Action Point

Movie review by
Jeffrey M. Anderson, Common Sense Media
Action Point Movie Poster Image
Chaos and bodily harm in unruly but likable comedy.
  • R
  • 2018
  • 85 minutes

Parents say

age 13+
Based on 5 reviews

Kids say

age 14+
Based on 5 reviews

Did this review miss something on diversity?

Research shows a connection between kids' healthy self-esteem and positive, diverse representations in books, TV shows, and movies. Want to help us help them? Suggest a diversity update

A lot or a little?

The parents' guide to what's in this movie.

Positive Messages

Argues that life was more fun before lawyers, political correctness, and "helicopter parenting" became involved. In the movie's world, if a person makes a mistake, they get hurt and then learn from it and move on; they don't call a lawyer or blame someone else. It's a one-sided argument that doesn't make concessions for things like protection and safety, but it's an interesting one that's worth discussing. Some iffy cultural humor.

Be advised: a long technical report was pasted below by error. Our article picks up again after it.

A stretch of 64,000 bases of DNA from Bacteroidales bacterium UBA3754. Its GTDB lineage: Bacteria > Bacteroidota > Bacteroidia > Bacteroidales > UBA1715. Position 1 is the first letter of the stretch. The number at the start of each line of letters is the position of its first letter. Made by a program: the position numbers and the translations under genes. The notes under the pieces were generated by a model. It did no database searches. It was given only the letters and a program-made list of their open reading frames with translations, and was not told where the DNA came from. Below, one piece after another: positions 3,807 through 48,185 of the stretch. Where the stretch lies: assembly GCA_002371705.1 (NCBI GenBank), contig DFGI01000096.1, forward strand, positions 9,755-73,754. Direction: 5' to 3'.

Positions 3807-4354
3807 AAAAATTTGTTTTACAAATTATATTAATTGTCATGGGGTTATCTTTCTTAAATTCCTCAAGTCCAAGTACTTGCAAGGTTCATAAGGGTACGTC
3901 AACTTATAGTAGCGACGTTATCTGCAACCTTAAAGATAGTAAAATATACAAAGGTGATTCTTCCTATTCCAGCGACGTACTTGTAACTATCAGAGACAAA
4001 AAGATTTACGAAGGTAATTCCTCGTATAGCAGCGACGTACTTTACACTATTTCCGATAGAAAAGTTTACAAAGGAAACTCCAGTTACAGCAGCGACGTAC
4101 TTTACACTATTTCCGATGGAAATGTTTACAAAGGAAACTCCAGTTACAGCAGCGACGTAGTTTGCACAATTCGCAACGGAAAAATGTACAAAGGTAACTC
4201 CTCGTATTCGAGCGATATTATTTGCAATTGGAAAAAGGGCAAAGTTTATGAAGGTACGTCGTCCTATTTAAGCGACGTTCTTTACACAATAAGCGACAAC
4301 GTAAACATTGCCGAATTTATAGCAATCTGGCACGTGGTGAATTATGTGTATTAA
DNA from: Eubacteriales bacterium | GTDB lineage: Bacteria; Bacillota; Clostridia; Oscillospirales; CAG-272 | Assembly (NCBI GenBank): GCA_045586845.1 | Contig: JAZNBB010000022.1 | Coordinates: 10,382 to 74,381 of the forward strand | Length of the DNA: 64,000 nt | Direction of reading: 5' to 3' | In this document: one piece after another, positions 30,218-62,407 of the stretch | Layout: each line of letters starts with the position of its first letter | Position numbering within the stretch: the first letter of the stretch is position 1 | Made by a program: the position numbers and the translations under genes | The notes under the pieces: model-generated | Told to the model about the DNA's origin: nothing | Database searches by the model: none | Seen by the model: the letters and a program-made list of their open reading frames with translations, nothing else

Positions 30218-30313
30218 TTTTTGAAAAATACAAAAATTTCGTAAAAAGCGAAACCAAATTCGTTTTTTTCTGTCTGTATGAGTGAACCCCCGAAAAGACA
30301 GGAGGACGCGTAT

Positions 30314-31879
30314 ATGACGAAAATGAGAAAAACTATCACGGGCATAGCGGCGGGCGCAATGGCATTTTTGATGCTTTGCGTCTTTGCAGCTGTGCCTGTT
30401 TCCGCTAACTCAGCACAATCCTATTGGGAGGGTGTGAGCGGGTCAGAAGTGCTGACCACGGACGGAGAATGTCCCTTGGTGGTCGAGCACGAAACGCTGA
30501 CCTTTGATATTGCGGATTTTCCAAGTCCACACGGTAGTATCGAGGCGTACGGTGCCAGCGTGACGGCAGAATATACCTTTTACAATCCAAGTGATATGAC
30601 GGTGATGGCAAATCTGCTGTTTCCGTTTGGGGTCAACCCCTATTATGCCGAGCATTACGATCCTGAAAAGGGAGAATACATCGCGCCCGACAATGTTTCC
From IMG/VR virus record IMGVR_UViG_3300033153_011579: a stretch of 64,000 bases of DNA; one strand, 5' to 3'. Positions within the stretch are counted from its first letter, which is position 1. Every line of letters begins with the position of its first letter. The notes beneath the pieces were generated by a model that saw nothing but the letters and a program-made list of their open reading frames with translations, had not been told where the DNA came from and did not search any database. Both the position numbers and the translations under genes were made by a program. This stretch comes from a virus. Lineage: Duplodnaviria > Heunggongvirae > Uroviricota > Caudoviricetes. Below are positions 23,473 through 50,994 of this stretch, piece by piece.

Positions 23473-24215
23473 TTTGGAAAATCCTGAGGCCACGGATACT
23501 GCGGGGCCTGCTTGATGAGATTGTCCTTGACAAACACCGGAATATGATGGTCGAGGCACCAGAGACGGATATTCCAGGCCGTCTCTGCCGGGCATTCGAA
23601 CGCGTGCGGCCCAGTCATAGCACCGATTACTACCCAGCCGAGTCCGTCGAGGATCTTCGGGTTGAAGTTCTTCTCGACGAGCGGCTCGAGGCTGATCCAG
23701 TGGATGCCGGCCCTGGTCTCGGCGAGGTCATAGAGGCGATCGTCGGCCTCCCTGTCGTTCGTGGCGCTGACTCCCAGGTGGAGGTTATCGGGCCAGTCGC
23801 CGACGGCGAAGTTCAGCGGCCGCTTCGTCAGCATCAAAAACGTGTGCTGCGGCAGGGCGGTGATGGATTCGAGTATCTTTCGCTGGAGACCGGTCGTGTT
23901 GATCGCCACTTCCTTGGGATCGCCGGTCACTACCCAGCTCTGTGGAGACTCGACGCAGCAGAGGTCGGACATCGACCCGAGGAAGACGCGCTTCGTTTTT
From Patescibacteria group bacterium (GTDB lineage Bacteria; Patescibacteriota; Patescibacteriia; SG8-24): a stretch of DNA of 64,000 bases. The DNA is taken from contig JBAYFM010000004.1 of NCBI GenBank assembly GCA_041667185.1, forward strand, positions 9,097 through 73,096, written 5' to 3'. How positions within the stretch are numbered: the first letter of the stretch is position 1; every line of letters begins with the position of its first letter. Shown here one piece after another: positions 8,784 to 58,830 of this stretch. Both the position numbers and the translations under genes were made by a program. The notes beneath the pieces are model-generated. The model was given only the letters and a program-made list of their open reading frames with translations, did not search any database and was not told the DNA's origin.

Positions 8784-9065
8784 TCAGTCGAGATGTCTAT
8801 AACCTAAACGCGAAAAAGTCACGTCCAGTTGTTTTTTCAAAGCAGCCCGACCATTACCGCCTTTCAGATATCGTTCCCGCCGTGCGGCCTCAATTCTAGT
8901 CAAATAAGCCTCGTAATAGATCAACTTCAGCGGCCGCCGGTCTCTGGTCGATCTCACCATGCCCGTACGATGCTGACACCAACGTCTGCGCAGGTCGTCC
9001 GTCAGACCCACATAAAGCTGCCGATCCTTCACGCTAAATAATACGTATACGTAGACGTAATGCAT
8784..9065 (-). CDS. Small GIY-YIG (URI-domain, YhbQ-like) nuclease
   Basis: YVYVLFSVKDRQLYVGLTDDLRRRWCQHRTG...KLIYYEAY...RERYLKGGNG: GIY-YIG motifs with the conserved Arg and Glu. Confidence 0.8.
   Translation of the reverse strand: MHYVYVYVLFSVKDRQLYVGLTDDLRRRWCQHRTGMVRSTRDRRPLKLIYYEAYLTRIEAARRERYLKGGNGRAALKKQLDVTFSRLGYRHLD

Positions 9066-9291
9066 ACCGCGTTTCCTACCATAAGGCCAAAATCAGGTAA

Positive Role Models & Representations

Absolutely no role models here. Poor behavior rules the day, and even the upright/"establishment" characters are nasty.


Reckless, presumably real stunts performed by most of the cast. Falling from high places, being on fire, falling off rides, crashing through buildings. Characters are hit in the head, crotch area. Comical punching, kicking. Bloody wounds. Some gross-out humor. Many pratfalls. Bullying. The credits include outtakes that show Knoxville's many filming injuries.